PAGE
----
I’m a bridesmaid in a wedding this spring. There’s a bridal shower scheduled for May, then the wedding in June. I’ve already shelled out over $200 for a dress and shoes. Plus the wedding is out of town and I’ll have travel expenses. Is it expected that I give the bride a gift for both the shower and the wedding? I’m not sure I can afford this!
Impoverished in Indianapolis
Remember this: Whoever sows sparingly, reaps sparingly. And whoever sows generously will also reap generously. Each man should give what he has decided in his heart to give, not reluctantly or under compulsion, for God loves a cheerful giver.
2 Corinthians 9:6-7
Gabby’s giving herself a big hug just thinking about this wedding. Weddings are so great! There’s the happy bride and groom, glowing and so into each other. There’s dancing and laughing guests, the mother of the groom giddy with relief. The music, the flowers, the flower girls – all beautiful. Maybe a little champagne…okay, maybe a lot. And somewhere behind the Boston fern are the bridesmaids and the father of the bride, all weeping over the bills they’ve been handed to make this event so beautiful.
Weddings are wonderful, but they also can be a real financial challenge – for both the guests and the couple getting married. It’s so easy to get caught up in the festivities that the reality of how much money is being spent doesn’t hit until the hangover. But the long and short of it is, even though you’re spending a lot to be in this wedding, bridesmaids should give both a shower and a wedding present. That’s part of what you sign on for when you agree to be in the wedding. Usually, it’s the bridesmaids who throw the shower party which, depending on how elaborate it is, could very well be seen to be the gift itself. However, most still give a shower gift to the bride. But since the shower and the wedding are two separate events, all bridesmaids should still give a wedding present. That doesn’t mean, however, that it has to come with a payment plan.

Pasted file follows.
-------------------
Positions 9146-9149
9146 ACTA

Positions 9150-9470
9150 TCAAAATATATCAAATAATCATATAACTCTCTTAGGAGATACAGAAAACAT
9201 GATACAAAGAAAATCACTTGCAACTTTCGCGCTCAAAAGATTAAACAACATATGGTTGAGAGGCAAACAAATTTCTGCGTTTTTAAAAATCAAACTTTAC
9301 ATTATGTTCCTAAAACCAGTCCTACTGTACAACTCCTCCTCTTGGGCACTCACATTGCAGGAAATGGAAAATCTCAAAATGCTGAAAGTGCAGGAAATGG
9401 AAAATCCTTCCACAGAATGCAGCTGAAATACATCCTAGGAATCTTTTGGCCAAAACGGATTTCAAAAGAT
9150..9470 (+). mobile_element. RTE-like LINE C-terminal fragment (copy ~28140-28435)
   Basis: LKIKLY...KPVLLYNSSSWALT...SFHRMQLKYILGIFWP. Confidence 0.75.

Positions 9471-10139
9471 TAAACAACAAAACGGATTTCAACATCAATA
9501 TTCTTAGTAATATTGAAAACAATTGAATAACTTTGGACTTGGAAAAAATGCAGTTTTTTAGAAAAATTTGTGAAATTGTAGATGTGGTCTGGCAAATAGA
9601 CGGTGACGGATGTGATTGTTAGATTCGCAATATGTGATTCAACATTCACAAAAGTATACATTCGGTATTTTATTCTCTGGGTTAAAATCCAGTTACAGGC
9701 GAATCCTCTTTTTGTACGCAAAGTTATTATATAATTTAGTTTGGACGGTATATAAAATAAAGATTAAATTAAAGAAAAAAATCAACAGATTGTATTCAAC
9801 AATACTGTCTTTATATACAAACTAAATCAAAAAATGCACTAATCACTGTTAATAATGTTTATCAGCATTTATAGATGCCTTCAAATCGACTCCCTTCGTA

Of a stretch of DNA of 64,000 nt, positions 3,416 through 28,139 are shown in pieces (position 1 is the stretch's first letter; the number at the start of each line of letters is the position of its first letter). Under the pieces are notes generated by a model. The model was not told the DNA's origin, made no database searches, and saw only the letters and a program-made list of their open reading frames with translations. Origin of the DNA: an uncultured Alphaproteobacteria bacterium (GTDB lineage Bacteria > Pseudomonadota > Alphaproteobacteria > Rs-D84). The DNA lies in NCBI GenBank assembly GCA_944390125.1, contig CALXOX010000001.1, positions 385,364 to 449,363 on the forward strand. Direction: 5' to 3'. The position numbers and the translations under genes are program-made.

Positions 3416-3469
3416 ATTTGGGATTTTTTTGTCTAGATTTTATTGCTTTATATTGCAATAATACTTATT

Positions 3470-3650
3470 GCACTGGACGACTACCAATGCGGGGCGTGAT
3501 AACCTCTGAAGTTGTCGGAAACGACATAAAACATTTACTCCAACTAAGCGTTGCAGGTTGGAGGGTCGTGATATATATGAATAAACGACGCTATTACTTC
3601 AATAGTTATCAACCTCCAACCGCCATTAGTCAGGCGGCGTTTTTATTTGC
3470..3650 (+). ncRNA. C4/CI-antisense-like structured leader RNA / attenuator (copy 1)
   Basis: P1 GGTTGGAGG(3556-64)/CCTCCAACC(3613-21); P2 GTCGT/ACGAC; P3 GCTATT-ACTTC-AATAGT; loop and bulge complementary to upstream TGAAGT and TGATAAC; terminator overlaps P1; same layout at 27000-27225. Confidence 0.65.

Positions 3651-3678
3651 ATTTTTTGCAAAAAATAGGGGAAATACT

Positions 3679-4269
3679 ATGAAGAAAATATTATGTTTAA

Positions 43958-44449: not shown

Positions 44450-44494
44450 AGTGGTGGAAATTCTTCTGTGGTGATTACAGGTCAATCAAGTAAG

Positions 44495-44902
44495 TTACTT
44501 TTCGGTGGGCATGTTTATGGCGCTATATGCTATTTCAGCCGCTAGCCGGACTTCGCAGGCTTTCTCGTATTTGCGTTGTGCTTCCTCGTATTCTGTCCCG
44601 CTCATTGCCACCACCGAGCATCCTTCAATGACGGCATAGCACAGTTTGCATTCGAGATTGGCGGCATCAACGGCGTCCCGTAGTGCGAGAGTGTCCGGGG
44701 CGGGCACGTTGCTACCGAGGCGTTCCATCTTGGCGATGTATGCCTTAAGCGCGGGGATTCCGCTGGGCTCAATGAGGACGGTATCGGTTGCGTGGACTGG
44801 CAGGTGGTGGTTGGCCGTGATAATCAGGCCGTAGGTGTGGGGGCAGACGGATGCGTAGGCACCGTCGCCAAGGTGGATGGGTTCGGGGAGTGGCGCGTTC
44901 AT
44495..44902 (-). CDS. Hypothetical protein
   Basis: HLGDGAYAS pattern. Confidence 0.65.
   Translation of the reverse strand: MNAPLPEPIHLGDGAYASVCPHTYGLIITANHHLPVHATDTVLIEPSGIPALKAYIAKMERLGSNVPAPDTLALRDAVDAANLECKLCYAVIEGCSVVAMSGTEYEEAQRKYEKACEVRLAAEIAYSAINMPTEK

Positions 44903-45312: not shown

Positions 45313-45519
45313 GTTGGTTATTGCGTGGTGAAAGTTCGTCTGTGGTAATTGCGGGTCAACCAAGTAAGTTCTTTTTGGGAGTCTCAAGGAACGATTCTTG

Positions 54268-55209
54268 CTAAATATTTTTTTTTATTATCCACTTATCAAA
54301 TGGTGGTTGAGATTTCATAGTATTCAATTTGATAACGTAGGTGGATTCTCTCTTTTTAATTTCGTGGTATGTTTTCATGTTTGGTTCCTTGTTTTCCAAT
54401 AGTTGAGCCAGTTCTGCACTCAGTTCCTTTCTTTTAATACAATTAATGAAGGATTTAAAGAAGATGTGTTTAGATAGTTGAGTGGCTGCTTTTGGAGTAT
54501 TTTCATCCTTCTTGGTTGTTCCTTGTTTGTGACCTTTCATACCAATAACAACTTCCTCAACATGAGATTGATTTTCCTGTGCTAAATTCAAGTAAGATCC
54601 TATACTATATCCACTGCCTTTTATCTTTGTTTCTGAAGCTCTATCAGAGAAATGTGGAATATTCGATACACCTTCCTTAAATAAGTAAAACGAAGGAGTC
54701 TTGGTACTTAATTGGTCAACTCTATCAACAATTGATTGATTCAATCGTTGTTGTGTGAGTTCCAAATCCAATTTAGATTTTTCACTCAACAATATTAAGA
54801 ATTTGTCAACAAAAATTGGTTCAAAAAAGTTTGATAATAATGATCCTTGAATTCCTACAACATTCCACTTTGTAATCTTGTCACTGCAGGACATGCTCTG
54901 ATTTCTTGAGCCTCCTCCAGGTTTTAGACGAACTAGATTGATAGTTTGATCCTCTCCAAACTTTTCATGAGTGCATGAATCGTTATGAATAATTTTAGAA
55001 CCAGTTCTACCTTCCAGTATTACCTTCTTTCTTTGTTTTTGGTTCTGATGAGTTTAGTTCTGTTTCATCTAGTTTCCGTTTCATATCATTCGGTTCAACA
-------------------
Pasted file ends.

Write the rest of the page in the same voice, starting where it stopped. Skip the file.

Heartfelt gifts don’t have to carry giant price tags. Any craft or art that you are good at is a really personal offering for the couple. A hand-painted ceramic plate, silk wreath, or watercolor painting, for example. Or how ‘bout a favorite bottle of champagne for their honeymoon or even a blanket for their sofa? There are some easy no-sew fleece designs you can do yourself—or if you’re a knitter – even better! Gabby received a crocheted blanket for her wedding and every time she uses it she thinks about the person who stitched it, loop by loop. The point is, giving generously of your heart doesn’t have to make you poor in the pocket.
As Paul reminds us in 2nd Corinthians, “God loves a cheerful giver.” If, however, the burden of dresses, shoes, hotels, showers and gifts is more than one gal’s pocketbook can bear, then you need to be upfront with your friend. Better she should know your situation than to think your lack of generosity is a reflection of your affection or esteem for her. That way, with a full heart, you can firmly hand the tissues to father of the bride, get out from behind that fern and show everyone how the chicken dance is really done.